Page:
Areas of flat land next to waterways are attractive to developers. Parts of the floodplain between Cross Inn and Pontyclun have been developed over the last 20 years, reducing the area available for the river to overflow. The A473 (Cross Inn to Lanelay road) Talbot Green by-pass, Glamorgan Vale Retail Park, Leekes department store, Y Pant School, Ynysddu Farm housing estate and the houses along the former Pant y Dderwyn meadow have all been built where the river water used to go when its banks could no longer contain the volume. Some earthen banks (the pre-existing flood defence) are incorporated in the gardens of the Ynysddu estate. Y Pant school was constructed on the floodplain against the advice of the then Glamorgan River Board.[9]

The authorities now consider the floodplain as an integral part of the overall river system. Under the Environment Agency's Floodplain Policy, it is deemed essential that it is kept free from development for flood defence reasons.[9] The Clun is liable to overflow its northern bank along its one and a half mile (2.5 km) length downstream, between Cross Inn from the main A4119 (Tonypandy to Cardiff Bay (Welsh: Bae Caerdydd)) road at Talbot Green, (Welsh: Tonysguboriau) and Pontyclun. This floodplain provides a wetland wildlife habitat.[17] In addition, horses are kept in the meadows, when the ground is not too waterlogged.


From the end of the last ice age (between 10,000 and 12,000 BP), mesolithic hunter-gatherers from Central Europe began to migrate to Great Britain. They would have been able to walk between Continental Europe and Great Britain on dry land, prior to the post glacial rise in sea level, up until between 6,000 and 7,000 BP.[18] As the area was heavily wooded and movement would have been restricted, it is likely that people also came to what was to become known as Wales by boat from the Iberian Peninsula.[19] These neolithic colonists integrated with the indigenous people, who gradually changed from being hunter-gatherers to settled farmers. They cleared the forests to establish pasture and to cultivate the land.

In common with the people living all over Great Britain, over the following centuries the people living in what is now known as the Afon Clun valley assimilated new immigrants and exchanged ideas of the Bronze Age and Iron Age Celtic cultures. Together with the approximate areas now known as Brecknockshire, Monmouthshire and the rest of Glamorgan, the Afon Clun Valley was settled by a Celtic British tribe called the Silures.[20]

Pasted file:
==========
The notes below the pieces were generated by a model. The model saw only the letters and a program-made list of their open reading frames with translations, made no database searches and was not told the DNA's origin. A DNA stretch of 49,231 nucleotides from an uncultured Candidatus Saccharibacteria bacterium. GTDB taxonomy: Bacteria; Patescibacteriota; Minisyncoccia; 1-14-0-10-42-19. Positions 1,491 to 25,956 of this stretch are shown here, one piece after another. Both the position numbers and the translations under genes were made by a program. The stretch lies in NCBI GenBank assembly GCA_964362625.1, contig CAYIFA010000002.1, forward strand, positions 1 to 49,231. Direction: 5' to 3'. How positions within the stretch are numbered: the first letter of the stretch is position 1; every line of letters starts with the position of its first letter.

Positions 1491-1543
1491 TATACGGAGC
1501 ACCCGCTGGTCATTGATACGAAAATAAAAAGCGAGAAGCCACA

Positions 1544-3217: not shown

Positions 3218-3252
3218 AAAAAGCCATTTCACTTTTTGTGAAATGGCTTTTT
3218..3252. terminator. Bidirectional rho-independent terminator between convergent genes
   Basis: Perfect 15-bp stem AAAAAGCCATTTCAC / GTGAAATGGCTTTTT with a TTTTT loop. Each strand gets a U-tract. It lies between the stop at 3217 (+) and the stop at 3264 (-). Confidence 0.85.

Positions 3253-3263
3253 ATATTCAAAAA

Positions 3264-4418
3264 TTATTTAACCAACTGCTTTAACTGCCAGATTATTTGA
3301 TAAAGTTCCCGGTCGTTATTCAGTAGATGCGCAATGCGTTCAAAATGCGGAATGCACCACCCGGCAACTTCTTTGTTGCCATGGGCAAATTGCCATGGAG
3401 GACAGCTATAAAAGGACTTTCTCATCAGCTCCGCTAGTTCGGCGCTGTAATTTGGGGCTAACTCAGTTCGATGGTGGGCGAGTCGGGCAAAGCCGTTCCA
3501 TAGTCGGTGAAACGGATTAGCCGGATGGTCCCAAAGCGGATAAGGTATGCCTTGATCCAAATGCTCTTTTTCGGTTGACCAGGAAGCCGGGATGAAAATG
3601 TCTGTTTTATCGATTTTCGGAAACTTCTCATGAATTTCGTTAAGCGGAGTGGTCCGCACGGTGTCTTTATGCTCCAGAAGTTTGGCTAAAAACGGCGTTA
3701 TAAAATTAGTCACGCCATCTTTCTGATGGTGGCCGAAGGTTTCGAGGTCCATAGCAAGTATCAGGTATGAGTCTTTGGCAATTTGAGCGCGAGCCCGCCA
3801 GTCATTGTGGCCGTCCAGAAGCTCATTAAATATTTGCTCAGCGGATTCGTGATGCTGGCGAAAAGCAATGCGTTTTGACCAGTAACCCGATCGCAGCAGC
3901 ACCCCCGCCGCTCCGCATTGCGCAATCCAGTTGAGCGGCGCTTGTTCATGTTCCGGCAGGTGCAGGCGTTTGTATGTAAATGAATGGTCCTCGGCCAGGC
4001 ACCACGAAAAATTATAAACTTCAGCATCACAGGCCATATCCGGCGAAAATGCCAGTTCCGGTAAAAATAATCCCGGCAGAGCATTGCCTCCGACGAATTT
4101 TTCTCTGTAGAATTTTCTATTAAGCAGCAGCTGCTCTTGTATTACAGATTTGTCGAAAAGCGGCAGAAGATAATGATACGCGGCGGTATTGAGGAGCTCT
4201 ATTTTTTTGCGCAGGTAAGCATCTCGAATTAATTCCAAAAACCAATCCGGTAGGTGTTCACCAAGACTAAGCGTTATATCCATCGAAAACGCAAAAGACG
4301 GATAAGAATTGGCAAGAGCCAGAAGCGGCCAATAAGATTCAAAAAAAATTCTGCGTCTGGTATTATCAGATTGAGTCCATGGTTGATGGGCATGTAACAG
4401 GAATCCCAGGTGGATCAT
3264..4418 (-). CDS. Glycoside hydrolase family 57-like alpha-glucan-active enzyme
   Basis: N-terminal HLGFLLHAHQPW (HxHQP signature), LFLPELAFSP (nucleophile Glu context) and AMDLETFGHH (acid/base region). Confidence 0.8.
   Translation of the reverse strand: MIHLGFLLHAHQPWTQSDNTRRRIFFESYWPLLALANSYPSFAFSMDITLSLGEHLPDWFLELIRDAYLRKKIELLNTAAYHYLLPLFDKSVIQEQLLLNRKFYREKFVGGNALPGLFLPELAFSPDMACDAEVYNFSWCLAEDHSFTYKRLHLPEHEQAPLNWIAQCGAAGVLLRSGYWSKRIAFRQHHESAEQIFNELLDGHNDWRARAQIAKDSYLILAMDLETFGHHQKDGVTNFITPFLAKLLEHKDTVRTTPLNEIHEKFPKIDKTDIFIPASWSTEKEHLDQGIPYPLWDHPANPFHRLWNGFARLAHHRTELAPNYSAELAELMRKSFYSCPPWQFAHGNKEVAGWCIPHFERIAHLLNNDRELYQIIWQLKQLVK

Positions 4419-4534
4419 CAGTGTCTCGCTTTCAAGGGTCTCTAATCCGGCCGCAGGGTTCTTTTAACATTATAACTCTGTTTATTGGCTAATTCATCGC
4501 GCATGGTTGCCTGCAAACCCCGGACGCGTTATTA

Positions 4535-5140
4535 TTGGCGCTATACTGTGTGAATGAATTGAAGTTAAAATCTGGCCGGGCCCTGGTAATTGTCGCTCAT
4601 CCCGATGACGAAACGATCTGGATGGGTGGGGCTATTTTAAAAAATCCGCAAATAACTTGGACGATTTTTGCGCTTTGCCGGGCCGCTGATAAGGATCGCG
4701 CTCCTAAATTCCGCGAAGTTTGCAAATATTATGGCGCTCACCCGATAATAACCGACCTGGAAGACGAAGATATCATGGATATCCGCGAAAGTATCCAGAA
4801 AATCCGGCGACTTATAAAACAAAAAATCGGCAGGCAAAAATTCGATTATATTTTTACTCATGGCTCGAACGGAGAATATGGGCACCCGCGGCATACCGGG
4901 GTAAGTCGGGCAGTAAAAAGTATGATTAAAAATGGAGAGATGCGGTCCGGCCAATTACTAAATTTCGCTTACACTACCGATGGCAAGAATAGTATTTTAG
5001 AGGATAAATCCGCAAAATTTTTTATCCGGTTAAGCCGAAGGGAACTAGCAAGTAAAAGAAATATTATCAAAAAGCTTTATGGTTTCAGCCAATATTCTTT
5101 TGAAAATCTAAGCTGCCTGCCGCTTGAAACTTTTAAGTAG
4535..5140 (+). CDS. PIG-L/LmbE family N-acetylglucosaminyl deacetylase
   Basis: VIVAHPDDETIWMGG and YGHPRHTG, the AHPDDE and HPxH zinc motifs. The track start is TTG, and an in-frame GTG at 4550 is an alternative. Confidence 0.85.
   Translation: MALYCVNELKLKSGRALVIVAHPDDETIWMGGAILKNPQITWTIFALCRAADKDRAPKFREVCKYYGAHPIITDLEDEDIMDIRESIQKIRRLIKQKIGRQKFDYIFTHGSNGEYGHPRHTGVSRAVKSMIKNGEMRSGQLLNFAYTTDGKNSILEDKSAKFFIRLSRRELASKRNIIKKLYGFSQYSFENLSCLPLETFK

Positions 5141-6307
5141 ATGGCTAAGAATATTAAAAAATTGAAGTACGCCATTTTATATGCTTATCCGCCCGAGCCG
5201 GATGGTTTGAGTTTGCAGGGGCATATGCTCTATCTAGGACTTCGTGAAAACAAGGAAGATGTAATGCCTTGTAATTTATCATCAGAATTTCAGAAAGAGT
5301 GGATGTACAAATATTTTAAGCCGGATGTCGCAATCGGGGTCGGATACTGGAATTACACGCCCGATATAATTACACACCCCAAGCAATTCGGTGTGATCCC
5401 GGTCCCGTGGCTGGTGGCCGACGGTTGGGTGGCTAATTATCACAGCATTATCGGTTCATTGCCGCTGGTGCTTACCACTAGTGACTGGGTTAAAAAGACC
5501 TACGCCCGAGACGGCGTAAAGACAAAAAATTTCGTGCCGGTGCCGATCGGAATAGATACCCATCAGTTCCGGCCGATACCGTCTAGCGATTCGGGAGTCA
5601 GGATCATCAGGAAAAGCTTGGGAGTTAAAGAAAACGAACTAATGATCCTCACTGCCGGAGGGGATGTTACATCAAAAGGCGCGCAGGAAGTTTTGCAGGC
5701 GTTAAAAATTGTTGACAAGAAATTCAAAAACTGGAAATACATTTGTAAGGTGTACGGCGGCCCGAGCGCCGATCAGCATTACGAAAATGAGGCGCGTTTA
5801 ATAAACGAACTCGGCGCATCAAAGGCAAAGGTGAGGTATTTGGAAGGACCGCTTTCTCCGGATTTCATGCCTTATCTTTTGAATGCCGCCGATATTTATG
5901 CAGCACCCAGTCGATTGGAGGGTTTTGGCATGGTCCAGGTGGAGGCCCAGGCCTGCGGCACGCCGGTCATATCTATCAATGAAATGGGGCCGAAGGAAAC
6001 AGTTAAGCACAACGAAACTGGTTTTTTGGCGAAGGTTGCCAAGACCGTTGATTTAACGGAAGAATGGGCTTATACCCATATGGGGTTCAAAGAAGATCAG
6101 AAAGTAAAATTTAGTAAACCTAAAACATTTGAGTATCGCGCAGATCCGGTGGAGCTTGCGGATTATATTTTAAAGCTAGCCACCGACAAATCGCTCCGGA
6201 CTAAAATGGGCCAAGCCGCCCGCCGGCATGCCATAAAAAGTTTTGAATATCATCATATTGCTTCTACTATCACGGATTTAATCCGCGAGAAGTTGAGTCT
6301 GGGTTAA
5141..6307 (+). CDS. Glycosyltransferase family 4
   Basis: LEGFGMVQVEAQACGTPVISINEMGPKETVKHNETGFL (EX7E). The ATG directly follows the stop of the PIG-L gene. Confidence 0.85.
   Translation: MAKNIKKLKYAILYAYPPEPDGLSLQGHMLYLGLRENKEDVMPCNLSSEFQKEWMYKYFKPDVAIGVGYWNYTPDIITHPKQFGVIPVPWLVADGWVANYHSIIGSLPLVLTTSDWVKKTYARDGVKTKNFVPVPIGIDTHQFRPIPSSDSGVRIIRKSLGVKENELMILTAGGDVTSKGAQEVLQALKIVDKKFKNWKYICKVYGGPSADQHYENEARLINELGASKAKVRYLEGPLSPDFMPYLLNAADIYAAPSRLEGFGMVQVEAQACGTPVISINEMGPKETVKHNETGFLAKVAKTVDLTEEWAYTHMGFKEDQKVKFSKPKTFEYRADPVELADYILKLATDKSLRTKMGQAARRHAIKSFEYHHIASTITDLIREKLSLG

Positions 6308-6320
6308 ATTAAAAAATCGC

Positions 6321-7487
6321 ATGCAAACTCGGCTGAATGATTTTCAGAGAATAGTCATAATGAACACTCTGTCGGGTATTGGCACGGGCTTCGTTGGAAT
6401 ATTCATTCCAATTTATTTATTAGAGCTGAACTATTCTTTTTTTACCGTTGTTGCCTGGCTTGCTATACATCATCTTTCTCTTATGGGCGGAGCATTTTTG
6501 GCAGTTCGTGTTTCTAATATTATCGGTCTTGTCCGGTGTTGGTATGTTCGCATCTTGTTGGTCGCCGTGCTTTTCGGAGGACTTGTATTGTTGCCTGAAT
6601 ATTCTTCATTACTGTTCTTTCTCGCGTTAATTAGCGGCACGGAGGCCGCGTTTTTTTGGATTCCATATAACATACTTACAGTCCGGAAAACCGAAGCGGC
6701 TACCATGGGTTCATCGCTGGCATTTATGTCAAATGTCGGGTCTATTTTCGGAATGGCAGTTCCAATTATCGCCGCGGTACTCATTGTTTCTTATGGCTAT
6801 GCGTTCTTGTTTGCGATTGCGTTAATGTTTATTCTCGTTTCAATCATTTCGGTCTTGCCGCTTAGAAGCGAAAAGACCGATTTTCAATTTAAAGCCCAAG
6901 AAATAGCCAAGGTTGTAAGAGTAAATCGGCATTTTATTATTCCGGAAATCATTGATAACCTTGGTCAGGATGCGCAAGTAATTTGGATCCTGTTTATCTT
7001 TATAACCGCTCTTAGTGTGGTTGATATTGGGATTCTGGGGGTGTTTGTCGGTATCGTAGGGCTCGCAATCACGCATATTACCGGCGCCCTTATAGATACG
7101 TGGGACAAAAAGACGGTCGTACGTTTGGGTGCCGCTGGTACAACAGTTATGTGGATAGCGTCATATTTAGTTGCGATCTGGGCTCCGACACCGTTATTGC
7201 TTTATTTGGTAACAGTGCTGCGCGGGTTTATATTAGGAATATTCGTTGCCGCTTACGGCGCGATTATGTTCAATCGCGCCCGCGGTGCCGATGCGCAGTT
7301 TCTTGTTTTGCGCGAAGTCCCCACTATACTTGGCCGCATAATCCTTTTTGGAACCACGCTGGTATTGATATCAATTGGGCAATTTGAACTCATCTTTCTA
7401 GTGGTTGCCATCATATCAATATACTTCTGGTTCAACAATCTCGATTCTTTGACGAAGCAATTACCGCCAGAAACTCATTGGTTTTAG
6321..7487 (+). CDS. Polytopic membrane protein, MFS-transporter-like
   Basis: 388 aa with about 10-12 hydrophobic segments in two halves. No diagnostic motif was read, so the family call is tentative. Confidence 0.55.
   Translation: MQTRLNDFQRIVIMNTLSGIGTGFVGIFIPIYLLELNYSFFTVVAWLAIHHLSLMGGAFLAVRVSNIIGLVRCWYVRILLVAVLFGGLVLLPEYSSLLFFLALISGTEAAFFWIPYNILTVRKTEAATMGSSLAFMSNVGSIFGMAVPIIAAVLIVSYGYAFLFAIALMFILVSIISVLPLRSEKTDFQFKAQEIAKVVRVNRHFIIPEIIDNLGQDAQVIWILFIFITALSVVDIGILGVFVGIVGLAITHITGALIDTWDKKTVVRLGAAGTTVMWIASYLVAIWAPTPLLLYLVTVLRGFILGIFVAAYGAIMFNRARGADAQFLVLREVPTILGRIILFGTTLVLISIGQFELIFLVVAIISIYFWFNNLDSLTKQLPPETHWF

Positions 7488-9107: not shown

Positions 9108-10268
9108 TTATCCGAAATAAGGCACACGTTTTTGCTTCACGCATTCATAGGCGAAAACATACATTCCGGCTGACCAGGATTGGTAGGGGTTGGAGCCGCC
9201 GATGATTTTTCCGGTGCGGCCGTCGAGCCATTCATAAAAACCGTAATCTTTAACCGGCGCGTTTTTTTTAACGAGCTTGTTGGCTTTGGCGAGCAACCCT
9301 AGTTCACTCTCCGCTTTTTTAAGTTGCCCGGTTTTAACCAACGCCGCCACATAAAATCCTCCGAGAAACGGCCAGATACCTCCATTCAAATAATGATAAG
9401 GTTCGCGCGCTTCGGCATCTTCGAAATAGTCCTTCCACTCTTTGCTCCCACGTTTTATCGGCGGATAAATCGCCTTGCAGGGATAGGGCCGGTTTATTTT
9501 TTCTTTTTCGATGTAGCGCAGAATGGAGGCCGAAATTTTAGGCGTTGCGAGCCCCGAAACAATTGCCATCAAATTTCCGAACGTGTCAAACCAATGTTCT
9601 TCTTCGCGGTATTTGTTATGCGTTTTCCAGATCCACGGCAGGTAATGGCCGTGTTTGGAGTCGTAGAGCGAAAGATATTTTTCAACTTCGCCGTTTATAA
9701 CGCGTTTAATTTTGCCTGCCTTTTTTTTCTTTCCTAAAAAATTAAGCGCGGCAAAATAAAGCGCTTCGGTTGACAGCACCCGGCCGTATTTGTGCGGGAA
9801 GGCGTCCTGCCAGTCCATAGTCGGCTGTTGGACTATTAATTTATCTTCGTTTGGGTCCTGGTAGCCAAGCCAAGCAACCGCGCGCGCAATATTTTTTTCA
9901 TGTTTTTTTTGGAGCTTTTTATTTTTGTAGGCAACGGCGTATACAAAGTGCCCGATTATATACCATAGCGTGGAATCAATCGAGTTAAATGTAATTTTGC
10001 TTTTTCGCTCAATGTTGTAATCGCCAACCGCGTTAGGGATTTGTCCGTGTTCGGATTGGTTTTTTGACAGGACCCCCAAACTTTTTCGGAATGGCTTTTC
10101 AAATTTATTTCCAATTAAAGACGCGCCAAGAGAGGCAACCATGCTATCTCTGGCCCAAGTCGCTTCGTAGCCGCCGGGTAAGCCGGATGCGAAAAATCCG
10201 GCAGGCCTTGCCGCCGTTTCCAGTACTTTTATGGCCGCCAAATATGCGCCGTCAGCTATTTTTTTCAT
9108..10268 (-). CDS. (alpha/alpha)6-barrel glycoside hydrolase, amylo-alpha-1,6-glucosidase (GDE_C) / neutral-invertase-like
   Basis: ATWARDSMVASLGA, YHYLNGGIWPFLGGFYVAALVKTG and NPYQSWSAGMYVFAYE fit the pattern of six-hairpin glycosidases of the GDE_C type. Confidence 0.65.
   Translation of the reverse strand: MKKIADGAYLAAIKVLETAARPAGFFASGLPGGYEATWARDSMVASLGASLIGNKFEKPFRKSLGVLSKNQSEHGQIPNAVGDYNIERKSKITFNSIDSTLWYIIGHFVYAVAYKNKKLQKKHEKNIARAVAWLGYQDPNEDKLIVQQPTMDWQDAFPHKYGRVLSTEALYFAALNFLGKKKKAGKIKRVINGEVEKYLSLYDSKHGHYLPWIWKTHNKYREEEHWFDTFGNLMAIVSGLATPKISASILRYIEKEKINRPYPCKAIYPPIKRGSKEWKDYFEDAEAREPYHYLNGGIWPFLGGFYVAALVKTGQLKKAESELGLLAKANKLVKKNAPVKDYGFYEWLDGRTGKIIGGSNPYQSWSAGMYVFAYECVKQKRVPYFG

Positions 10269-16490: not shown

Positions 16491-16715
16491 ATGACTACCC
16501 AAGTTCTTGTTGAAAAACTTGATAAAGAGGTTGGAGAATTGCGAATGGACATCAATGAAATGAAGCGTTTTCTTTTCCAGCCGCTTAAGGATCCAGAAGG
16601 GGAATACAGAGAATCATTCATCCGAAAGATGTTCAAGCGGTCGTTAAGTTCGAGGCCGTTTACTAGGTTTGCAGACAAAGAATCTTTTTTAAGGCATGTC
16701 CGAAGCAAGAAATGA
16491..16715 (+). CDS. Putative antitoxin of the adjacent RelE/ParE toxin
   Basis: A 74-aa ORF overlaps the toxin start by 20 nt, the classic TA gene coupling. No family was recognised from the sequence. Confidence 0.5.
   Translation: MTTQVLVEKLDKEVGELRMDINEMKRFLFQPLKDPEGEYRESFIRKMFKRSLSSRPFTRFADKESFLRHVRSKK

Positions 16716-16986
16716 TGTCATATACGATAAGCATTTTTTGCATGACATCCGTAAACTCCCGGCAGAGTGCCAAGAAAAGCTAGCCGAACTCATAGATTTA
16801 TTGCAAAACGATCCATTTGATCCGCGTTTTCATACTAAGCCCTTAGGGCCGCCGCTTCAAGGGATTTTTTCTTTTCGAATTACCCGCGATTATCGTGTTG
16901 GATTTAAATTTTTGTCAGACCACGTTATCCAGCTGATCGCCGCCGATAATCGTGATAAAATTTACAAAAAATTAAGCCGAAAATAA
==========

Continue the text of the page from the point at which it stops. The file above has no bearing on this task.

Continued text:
Bronze Age

There is a group of five round barrows, near the river's source at the top of The Garth, thought to be Bronze Age, one of which supports a trig. pillar on its flat top.[21][22]

Iron Age

Overlooking the Clun at Rhiwsaeson, Caerau hillfort (51°32′23″N 3°21′02″W / 51.5398°N 3.3505°W / 51.5398; -3.3505 (Caerau hillfort, Rhiwsaeson)) is an oval Iron Age enclosure, measuring 755 feet (230 m) (east—west) by 590 feet (180 m). Dating from 700 BCE, it is one of the largest known hill forts in south Wales. The defences comprise a set of two banks and ditches, with a counterscarp bank. Originally, the bank stood approximately 25 feet (7.5 m) high, though much of it has been destroyed, and only 100 feet (30 m) of the north east (the best preserved) part remain. Where the hillside below is steepest, to the south, there are no outer stone defences, though the inner ramparts continue to the cliff edge. The entrance to the fort, at the south west, is approximately 25 feet (7.5 m) wide, between parallel in-turned banks about 50 feet (15 m) long.[23][24]

Caerau Hillfort was the subject of a forgery in a book called 'Gwentian Brut' In The Myvyrian Archaiology of Wales, edited by JONES, O.; WILLIAMS, E.; PUGHE, W.O. (1801). The forgery was fabricated by Edward Williams (a.k.a. Iolo Morgannwg) while he was one of editors of Myvyrian Archaiology, suggesting that Caerau Hillfort was the site of the "Battle of Rhiwsaeson" in 873 CE.[25]

Tudor iron making

Lead mines were opened in Mwyndy (between Llantrisant and Groesfaen) in the "Parke of Cloune" in May 1531 CE. By August 1531 CE iron ore was being mined there. Iron smelting began nearby during the summer of 1532 CE, with one bloomery furnace site at Mwyndy, and (probably) another smaller smelting site at Rhiwsaeson, employing 4 blowers/hewars, with three blowers operating the bellows at any one time. They produced up to 2 blooms, of 50 kg per bloom per day, from 150 kg of ore, taking 6 to 7 hours each to produce. Charcoal to heat the furnaces was probably derived locally, from "Cloune Park" — mention is made by Rice Lewis in his 'A breviat of Glamorgan' (1595 and 1600 CE) of the destruction of the forests of Garth Maelog and Allt Griffith because of the ironworks. The iron mines were leased by the crown in 1539 CE, granting rights to mine and make iron and to build water powered iron works within three miles of Cloune Park for 21 years. There is no evidence to suggest that either iron mining or smelting continued in the area after the 16th century.